King IV: A lesson in ethics from umpire Dickie Bird.

The first draft King IV is going to be released shortly. And I have set myself a challenge.

Let’s package King IV in an E learning package that is understandable and interesting to all.  Yes, keeping the class awake in matters of stewardship and governance is just damn difficult. Almost impossible.

The first problem comes down to what is ‘ethical behavior?’ There are rafts full of material on the subject. And all of it is, quite frankly, aloof and boring. When lecturing the subject I always feel like a parson trying to drag a sermon out until the Sunday roast is burnt beyond recognition.

One of the the finest of examples of ethical behavior, legendary cricket umpire and Yorkshireman, Harold ‘Dickie’ Bird PhD, Honoris Causa, OBE.

Before Dickie Bird became famous he coached cricket at St John’s College Johannesburg. Not that St John’s contributed anything much in his subsequent fame.

The boys couldn’t understand a word he said, ‘Aye Lads, them wickets are so fine ya could hit fours with stickarubarb. Now butt un pad together.’ It was chaotic and he used to call us names like ‘Idle Jack’ and ‘Weary Willie.’

Today one can appreciate the humour in it. ‘Da finest of them all was Boycutt (Boycott). You would have to pay him sum, mind thee.’ He even labeled The Both (Botham) as the ‘Gorilla’ during the legendary Ashes of 1981.

I digress.

Dickie Bird had his own ways of dealing with controversial decisions. His particular specialty was the call on a grassed catch. Without today’s technology there is every chance that an umpire will get it wrong.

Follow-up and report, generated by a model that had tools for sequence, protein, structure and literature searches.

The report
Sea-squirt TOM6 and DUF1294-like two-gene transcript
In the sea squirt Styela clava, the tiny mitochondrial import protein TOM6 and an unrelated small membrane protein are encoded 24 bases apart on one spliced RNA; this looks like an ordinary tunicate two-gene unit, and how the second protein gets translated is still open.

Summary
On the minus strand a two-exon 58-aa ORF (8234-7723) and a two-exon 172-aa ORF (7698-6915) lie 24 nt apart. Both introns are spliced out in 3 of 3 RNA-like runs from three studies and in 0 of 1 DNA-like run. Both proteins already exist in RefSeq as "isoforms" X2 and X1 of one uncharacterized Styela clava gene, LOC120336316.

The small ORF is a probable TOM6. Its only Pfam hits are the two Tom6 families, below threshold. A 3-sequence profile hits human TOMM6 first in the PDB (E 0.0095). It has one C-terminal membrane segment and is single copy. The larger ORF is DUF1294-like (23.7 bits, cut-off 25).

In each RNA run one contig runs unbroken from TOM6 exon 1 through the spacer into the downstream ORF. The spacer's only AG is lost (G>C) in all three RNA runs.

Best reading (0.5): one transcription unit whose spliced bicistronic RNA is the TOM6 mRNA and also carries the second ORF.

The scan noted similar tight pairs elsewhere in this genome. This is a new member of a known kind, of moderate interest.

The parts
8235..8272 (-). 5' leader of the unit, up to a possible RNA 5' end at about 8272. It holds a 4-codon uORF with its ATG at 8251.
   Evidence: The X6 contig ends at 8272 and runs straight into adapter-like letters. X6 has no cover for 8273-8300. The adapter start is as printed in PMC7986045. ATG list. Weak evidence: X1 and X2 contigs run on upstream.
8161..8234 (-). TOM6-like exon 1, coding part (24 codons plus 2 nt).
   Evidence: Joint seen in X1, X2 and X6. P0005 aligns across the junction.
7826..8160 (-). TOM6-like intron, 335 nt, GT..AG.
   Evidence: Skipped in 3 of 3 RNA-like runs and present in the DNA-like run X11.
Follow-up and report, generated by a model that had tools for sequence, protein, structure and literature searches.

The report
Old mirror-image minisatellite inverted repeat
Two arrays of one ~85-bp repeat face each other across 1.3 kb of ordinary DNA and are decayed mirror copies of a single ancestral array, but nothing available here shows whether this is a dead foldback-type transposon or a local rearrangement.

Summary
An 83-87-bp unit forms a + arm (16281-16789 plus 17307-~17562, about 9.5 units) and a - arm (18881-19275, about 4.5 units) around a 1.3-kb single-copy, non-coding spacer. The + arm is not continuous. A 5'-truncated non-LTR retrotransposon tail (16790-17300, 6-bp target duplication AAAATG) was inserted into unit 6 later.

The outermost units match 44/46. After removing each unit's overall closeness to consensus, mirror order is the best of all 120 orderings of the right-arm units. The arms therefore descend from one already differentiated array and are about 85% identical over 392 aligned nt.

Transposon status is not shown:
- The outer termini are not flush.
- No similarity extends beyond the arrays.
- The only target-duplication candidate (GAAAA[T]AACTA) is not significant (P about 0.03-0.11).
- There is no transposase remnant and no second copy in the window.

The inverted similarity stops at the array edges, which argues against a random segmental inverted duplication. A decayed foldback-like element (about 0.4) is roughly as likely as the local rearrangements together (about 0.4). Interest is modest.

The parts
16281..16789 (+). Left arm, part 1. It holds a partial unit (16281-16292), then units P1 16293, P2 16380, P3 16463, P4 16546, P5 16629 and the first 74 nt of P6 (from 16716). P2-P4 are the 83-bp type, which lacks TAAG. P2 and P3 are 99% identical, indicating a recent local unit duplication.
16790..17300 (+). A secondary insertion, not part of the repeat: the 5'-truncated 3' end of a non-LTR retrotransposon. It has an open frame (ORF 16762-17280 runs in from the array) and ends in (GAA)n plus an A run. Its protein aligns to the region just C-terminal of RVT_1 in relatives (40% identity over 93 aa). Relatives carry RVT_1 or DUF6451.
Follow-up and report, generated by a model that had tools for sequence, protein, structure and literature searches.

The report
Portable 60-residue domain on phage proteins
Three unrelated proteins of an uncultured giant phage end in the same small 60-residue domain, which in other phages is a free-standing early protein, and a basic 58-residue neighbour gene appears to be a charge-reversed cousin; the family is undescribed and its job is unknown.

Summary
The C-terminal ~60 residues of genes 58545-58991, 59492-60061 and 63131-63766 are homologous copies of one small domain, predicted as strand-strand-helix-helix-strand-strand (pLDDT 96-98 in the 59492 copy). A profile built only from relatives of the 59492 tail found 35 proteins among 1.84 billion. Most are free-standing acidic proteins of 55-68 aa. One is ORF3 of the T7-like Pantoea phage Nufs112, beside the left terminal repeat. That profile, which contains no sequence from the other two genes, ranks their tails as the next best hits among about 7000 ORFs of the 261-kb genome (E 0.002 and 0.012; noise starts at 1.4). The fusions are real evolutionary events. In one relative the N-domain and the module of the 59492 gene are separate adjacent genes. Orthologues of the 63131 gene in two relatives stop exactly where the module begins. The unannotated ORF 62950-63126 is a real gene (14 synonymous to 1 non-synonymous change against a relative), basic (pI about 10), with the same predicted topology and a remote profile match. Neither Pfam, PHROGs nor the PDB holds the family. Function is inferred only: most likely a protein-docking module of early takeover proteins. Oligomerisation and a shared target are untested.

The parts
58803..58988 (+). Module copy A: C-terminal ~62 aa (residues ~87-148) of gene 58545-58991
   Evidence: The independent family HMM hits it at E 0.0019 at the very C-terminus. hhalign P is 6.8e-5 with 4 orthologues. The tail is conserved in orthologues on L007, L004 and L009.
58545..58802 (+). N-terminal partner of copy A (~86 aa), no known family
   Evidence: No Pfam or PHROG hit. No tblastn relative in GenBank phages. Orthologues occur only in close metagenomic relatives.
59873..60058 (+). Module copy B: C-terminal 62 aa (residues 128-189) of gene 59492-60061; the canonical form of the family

Dickie Bird would storm over to the fielder and face him down with the challenge ‘Da Good Lord is looking at thee, Lad. Didya or didn’t ya?’ Leaving it up to the fielder to make the call.

I bet any fielder who bull-dusted Dickie Bird lived with that on his conscience for the rest of his life. Few did.

We can read the writings about ethics and even write more PhD’s. But that won’t hit the spot.  Every decision actually boils down to the fundamental question ‘ Da Higher Being is looking at thee, can you live with yourself afterwards?’

Dickie Bird finally retired from umpiring, not because he was too old and tired, but rather because of the introduction of television reviews of LBW decisions.

He believed that no man can do to much wrong if he honestly did his best. Even if he occasionally gets it wrong.

Australian pace bowler Swervyn Mervyn Hughes could hardly ever bully a favorable decision out of Bird.

But in the end he had to admit ‘Dickie you’re a legend.’

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